The story is compelling, and the tone is one of dreadful expectation and foreboding. You hope that things will turn out well, that somehow justice will prevail, but deep down you know it’s not that sort of tale. This tension is developed throughout as Whitehead showcases Martin Luther King’s writing and speeches: they are full of determination and hope, and galvanise a young Elwood. They make him idealistic and hopeful, and I felt that way too. Elwood listens to MLK’s speech, taken from the 1962 LP Martin Luther King at Zion Hill:
‘We must believe in our souls that we are somebody, that we are significant, that we are worthful, and we must walk the streets of life every day with this sense of dignity and this sense of somebody-ness.’ The record went around and around, like an argument that always returned to its unassailable premise, and Dr. King’s words filled the front room of the shotgun house. Elwood bent to a code–Dr. King gave that code shape, articulation, and meaning. There are big forces that want to keep the Negro down, like Jim Crow, and there are small forces that want to keep you down, like other people, and in the face of all those things, the big ones and the smaller ones, you have to stand up straight and maintain your sense of who you are.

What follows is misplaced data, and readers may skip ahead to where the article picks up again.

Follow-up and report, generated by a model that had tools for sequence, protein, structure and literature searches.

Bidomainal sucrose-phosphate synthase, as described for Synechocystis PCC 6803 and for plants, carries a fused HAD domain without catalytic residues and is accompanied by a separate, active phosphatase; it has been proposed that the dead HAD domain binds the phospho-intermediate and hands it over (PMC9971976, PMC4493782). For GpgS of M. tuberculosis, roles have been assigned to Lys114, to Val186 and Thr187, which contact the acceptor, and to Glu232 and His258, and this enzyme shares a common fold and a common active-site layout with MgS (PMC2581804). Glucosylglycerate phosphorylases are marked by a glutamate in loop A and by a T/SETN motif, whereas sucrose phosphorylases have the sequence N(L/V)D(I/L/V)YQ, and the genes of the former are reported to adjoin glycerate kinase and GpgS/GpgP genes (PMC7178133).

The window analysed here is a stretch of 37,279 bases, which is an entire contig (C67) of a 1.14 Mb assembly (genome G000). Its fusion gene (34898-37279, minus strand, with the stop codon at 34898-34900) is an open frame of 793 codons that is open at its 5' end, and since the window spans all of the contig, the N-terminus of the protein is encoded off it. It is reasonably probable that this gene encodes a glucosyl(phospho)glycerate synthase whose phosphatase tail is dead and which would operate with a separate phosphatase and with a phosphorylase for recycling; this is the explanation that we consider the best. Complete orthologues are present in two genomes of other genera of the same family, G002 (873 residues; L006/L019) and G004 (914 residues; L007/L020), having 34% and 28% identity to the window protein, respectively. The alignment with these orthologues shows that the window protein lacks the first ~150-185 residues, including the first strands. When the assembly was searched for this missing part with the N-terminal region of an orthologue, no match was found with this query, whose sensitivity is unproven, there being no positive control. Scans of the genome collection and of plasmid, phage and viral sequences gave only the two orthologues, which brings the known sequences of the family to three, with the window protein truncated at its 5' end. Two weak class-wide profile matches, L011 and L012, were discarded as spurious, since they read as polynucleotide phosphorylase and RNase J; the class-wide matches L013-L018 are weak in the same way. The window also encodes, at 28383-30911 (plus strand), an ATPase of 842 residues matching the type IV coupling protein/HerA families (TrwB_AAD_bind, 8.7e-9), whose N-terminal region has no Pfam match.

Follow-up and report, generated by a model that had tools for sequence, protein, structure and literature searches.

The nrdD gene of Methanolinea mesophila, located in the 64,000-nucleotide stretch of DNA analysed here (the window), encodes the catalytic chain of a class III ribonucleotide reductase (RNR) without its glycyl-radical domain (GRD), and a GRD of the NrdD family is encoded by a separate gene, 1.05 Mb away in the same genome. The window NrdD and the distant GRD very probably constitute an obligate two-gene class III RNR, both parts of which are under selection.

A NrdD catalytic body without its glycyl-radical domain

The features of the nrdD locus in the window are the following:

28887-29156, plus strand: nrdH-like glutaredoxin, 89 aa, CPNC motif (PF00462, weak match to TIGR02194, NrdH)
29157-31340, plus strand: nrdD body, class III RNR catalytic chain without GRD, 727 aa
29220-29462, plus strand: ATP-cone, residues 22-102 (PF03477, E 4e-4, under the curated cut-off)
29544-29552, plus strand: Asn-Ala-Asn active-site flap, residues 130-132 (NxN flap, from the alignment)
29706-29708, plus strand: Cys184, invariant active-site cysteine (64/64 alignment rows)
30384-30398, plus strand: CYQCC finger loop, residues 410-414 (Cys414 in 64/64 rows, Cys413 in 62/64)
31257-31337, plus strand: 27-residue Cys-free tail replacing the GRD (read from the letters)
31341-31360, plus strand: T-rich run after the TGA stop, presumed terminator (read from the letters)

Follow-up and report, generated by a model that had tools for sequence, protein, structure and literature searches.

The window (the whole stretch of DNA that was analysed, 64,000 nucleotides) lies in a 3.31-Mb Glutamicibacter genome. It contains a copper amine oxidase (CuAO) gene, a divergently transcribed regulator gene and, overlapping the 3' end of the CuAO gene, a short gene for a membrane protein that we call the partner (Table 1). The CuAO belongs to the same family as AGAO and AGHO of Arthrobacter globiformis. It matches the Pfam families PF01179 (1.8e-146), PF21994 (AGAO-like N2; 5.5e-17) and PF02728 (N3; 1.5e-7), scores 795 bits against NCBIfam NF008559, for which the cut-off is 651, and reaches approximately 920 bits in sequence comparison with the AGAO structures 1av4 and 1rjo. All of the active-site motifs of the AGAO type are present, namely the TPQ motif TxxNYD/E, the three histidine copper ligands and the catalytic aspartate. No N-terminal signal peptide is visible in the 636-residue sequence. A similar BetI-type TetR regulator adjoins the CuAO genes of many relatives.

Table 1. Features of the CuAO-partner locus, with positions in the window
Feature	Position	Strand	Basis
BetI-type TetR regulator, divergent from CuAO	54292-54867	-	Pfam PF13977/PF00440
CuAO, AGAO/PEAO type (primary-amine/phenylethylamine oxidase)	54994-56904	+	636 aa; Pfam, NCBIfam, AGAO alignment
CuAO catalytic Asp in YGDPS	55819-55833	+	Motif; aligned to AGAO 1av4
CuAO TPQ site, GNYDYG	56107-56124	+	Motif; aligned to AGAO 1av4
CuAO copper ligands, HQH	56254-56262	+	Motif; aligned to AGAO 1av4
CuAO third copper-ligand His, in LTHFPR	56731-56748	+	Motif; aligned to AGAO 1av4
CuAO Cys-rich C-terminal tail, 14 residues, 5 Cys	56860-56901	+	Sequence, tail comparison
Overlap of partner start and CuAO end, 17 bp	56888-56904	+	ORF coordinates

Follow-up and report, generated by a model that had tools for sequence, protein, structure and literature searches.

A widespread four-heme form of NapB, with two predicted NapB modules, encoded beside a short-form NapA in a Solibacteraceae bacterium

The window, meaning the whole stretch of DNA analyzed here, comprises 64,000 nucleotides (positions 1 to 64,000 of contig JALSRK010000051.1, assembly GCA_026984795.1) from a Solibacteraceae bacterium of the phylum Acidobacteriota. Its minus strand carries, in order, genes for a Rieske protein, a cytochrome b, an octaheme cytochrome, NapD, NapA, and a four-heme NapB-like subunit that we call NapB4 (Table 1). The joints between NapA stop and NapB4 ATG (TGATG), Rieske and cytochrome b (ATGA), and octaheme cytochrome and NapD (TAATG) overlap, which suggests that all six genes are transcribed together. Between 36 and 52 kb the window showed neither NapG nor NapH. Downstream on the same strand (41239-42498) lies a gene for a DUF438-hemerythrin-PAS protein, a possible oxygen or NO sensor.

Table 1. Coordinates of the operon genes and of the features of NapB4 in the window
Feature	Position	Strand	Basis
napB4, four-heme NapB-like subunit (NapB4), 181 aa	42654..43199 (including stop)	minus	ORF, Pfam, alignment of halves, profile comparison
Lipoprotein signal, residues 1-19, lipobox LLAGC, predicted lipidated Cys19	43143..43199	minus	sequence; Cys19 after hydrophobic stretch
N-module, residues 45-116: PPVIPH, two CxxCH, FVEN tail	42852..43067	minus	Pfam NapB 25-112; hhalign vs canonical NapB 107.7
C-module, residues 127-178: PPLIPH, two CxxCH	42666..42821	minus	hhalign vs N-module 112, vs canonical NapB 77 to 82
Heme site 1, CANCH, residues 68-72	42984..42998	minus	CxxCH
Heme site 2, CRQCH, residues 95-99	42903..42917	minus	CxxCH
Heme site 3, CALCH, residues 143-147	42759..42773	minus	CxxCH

However, this is juxtaposed by the reality of the 1960s southern-states America that permeates every part of every person’s life, Black or White. Nickel, like most places, is a microcosm of societal race relations, though on another tier: one lower than the outside world, where boys have been housed because of bad behaviour or bad luck (read: neglect, abandonment or trauma most of the time). Race is ever present, but so are these other social determinants of misfortune.

At Nickel, Elwood still–always–walks the line: Do you put your head down and get by as a bystander; or do you act when your moral soul compels you? Autonomy or subservience. Self-efficacy or learned helplessness. Rebellion or acquiescence. This is the knife edge. Elwood is a moral character in an immoral world, a thing that is at once wonderful and painful to witness. History needed, as we do today, people who will stand up for injustice and civil rights, but that always necessitates sacrifice, and personal sacrifice is on the page here.